I felt something soft brush my ankle and looked down to see Desperate. Desperate was the name I gave my cat when I discovered her as a kitten, shivering on a side street that ran between Pacific Avenue and the Venice canals. Desperate had been just a placeholder name until I could think of something else, but as I got to know her, I saw that Desperate fit her name, the same way I fit mine. Desperate had grown up healthy, but she had really uncontrollable fur that stuck out all over the place. Bad fur days, they call it. Desperate was a good friend. She clawed on the furniture and chewed up the hats Mom made, but she always looked sorry and would make up for it by clawing on the sheet across the bathroom door until she made fringe out of the Barbies that ran across the bottom.

"Meow," said Desperate, which could have meant anything from "I want food," to "There is a mouse in the kitchen that just a few minutes ago was alive and well. I cannot control these violent tendencies. I must be stopped."

"Did you get another mouse?" I asked Desperate.

"Meow," she replied. A confession? We would soon see.

On the way to the kitchen I passed by Mom's bedroom. The door was halfway open, so I peeked inside. She was fast asleep, her pink-and-white waitress uniform hung across a wing-back chair. According to restaurant regulation she had to wear three-inch heels and a high ponytail along with the frilly uniform, like a cartoon waitress come to life. She waited tables at the End Zone, a sports bar on Ocean Avenue. It was the regular hangout for a bunch of San Diego Chargers fans, and every time a game came on, the fans would crowd the bar and watch it on one of the giant screens, whooping and screaming when the Chargers won, falling silent and forgetting to tip if they lost. Needless to say, my mom was not particularly fond of the Chargers or football teams in general. They reminded her of drunken men and stale beer and overcooked chicken wings. Of a life spent toiling away at some menial job, when it should have been spent running her own hat empire.

Back when she was in her midtwenties, my mom had a brief but very successful hat-making career. She was studying fashion design at UCLA when a boutique owner saw a hat she'd made and asked my mom to make a bunch more. Eventually Mom dropped out of school to pursue fame and fortune as a famous headwear designer. Everything should have been perfect, but then she met a doctoral student in behavioral psychology who got her pregnant and abandoned her. I'd never met him, but I looked him up on the computers at school. Apparently he lived in Beverly Hills now and had a flourishing practice in adolescent and teen psychotherapy. Sometimes I liked to imagine what he'd say if I made an appointment and showed up in his office wanting to discuss my "abandonment issues."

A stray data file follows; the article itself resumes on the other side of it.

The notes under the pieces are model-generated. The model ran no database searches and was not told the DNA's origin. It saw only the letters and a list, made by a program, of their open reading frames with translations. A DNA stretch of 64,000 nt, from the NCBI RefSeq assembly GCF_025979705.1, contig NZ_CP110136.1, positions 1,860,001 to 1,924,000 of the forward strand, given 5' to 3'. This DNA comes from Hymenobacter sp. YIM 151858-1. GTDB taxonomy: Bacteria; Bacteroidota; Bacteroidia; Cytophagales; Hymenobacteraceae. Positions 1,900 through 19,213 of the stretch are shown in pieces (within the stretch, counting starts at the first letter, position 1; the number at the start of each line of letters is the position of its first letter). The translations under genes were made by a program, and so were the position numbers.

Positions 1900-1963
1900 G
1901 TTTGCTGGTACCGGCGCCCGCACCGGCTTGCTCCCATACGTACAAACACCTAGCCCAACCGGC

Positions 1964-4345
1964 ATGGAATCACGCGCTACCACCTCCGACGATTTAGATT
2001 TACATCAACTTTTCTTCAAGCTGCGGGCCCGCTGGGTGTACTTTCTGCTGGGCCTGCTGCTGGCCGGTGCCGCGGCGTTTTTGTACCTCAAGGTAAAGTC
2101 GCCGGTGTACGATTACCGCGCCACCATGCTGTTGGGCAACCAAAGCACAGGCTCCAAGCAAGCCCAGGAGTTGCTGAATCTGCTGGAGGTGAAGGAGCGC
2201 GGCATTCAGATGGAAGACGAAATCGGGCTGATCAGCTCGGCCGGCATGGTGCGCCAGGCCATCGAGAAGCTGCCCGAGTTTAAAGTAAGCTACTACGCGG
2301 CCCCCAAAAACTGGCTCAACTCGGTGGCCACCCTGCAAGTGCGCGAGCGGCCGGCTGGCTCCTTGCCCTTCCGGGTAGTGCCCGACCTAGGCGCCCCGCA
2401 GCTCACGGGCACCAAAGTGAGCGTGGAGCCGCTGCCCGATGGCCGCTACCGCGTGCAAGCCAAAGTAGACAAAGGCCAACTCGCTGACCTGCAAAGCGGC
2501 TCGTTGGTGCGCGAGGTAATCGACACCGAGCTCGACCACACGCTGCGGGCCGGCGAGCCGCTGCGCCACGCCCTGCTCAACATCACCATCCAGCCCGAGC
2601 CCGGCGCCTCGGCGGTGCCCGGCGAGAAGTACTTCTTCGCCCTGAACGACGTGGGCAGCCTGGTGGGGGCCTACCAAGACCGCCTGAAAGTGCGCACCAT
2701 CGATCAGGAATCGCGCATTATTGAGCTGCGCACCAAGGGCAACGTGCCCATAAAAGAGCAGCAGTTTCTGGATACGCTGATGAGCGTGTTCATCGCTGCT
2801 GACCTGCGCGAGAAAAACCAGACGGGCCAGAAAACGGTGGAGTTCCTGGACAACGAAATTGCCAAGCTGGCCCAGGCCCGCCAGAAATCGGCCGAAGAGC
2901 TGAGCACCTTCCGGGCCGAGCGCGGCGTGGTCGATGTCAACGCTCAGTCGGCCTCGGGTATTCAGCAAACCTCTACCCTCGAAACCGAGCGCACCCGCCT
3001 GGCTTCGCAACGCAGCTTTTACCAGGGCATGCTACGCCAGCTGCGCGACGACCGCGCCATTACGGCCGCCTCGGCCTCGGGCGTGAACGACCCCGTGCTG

Anyway, Mom had to go to work to support me, and her hat creations kind of fell by the wayside. She kept it up as much as she could, making hats from random scraps she got out of the remnants bin at Material Girl and selling them on commission out of a little shop on Abbot Kinney. Every so often I'd spot someone on the street wearing one of Mom's designs, which was always sort of cool. I'd tried to tell her to jack up the price; that's what really makes designers take off. Look at Kate Spade, I told her. But Mom just wouldn't do it. Maybe she was afraid that no one would buy the hats at all then, and what little extra money they made would just disappear.

Don't get me wrong — we weren't completely miserable, and we certainly didn't spend our time sitting around feeling sorry for ourselves. Okay, so we didn't have a ton of extra cash to throw around, but I never went hungry or anything like that. And besides, we had a lot of fun together, Mom and I.

The morning sunlight came in and lit up Mom's face. Despite the fact that she joked about being my "silly-looking old mother," I thought she was beautiful. She had glossy brown hair and smooth, clear skin. The men at the sports bar hit on her all the time, and some of them were kind of gross about it when they'd had a few too many Amstel Lights. One night Mom came home with buffalo wing sauce in the shape of a handprint on the back of her dress. I asked her about it and she said, "Some drunk guy tried to grab me, so I shoved my knee right in his fifty-yard line. He spent the next ten minutes having a time-out." And then she'd laughed her warm, coppery laugh, and I'd laughed, too, and before we knew it, we were clutching our stomachs and the tears were running down our faces.